Consumer empowerment and self-advocacy outcomes in a randomized study of peer-led education

Community Ment Health J. 2012 Aug;48(4):420-30. doi: 10.1007/s10597-012-9507-0. Epub 2012 Mar 30.


This study examined the effectiveness of the Building Recovery of Individual Dreams and Goals (BRIDGES) peer-led education intervention in empowering mental health consumers to become better advocates for their own care. A total of 428 adults with mental illness were randomly assigned to BRIDGES (intervention condition) or a services as usual wait list (control condition). Interviews were conducted at enrollment, at the end of the intervention, and 6-months post-intervention. Random regression results indicate that, compared to controls, BRIDGES participants experienced significant increases in overall empowerment, empowerment-self-esteem, and self-advocacy-assertiveness, and maintained these improved outcomes over time. Peer-led education interventions may provide participants with the information, skills and support they need to become more actively involved in the treatment decision-making process.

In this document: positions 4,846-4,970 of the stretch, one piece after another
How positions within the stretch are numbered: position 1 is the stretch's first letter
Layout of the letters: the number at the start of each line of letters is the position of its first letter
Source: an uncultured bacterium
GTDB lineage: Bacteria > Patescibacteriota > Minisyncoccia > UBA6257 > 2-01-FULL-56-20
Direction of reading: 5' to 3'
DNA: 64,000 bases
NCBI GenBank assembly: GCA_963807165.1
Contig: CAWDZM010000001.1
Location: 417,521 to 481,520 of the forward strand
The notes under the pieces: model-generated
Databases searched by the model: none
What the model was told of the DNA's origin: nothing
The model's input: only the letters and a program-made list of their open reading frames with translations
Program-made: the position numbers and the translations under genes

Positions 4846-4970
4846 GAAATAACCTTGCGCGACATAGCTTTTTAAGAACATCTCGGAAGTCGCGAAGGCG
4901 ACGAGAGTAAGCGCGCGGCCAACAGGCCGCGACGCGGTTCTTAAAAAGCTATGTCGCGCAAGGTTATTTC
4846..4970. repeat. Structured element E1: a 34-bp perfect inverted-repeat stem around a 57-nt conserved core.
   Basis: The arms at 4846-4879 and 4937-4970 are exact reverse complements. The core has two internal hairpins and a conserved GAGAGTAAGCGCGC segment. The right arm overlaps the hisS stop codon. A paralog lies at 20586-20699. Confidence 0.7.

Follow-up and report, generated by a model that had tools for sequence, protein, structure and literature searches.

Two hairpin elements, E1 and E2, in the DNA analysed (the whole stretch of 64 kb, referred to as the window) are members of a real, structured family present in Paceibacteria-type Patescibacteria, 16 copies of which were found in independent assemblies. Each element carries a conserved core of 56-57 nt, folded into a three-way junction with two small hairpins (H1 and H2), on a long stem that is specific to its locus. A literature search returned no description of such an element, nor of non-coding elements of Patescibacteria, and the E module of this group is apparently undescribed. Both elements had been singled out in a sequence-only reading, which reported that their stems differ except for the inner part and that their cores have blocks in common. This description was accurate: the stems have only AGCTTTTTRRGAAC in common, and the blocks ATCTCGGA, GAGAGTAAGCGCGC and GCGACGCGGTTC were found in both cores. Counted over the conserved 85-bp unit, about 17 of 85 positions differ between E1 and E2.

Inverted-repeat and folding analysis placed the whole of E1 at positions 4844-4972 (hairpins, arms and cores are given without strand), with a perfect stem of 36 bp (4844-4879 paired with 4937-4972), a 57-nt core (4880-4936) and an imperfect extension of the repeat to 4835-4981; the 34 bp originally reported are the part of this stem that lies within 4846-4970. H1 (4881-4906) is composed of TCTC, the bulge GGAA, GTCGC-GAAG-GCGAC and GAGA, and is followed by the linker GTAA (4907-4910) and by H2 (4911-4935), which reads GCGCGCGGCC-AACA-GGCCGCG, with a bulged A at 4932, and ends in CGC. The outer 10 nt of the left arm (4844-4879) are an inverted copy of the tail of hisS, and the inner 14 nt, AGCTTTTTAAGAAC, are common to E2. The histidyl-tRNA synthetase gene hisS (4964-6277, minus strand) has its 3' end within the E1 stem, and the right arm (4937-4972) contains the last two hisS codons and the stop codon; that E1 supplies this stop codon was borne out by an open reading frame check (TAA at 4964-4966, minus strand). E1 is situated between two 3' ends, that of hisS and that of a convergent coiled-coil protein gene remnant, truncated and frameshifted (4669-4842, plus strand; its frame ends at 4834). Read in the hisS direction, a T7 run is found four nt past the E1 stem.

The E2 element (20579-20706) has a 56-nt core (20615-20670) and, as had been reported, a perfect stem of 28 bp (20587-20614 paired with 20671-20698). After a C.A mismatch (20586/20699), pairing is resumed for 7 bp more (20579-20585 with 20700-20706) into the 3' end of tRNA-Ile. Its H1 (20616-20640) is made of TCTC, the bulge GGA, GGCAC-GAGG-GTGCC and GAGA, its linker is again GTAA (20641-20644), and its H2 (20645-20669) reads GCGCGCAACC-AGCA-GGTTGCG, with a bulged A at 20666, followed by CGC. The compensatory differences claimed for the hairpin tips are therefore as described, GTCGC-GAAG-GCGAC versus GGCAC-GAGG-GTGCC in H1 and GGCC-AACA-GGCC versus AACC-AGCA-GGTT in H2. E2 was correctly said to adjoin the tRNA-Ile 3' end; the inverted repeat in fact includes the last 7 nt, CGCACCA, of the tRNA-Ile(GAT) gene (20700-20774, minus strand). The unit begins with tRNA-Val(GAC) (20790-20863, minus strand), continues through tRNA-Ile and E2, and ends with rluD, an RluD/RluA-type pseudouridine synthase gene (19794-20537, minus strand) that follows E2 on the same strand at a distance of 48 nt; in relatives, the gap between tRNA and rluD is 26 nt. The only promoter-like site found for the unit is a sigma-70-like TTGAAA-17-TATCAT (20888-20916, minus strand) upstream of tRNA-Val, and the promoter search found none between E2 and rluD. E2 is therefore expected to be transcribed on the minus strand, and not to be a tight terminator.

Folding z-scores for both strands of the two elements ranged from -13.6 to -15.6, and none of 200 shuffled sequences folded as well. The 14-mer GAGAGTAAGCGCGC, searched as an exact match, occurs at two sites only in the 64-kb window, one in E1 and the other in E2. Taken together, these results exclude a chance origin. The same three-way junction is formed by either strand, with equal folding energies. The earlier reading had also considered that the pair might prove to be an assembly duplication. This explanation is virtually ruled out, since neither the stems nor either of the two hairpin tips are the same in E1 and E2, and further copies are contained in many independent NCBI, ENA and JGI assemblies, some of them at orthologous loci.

Publication types

  • Randomized Controlled Trial
  • Research Support, N.I.H., Extramural
  • Research Support, U.S. Gov't, Non-P.H.S.

MeSH terms

  • Adolescent
  • Adult
  • Community Participation
  • Dreams
  • Female
  • Goals
  • Humans
  • Interview, Psychological / methods
  • Male
  • Mental Disorders / psychology
  • Mental Disorders / rehabilitation*
  • Middle Aged
  • Outcome and Process Assessment, Health Care / methods*
  • Patient Advocacy*
  • Patient Education as Topic / methods*
  • Peer Group*
  • Power, Psychological*
  • Psychiatric Status Rating Scales
  • Regression Analysis
  • Self Concept
  • Socioeconomic Factors
  • Tennessee
  • Young Adult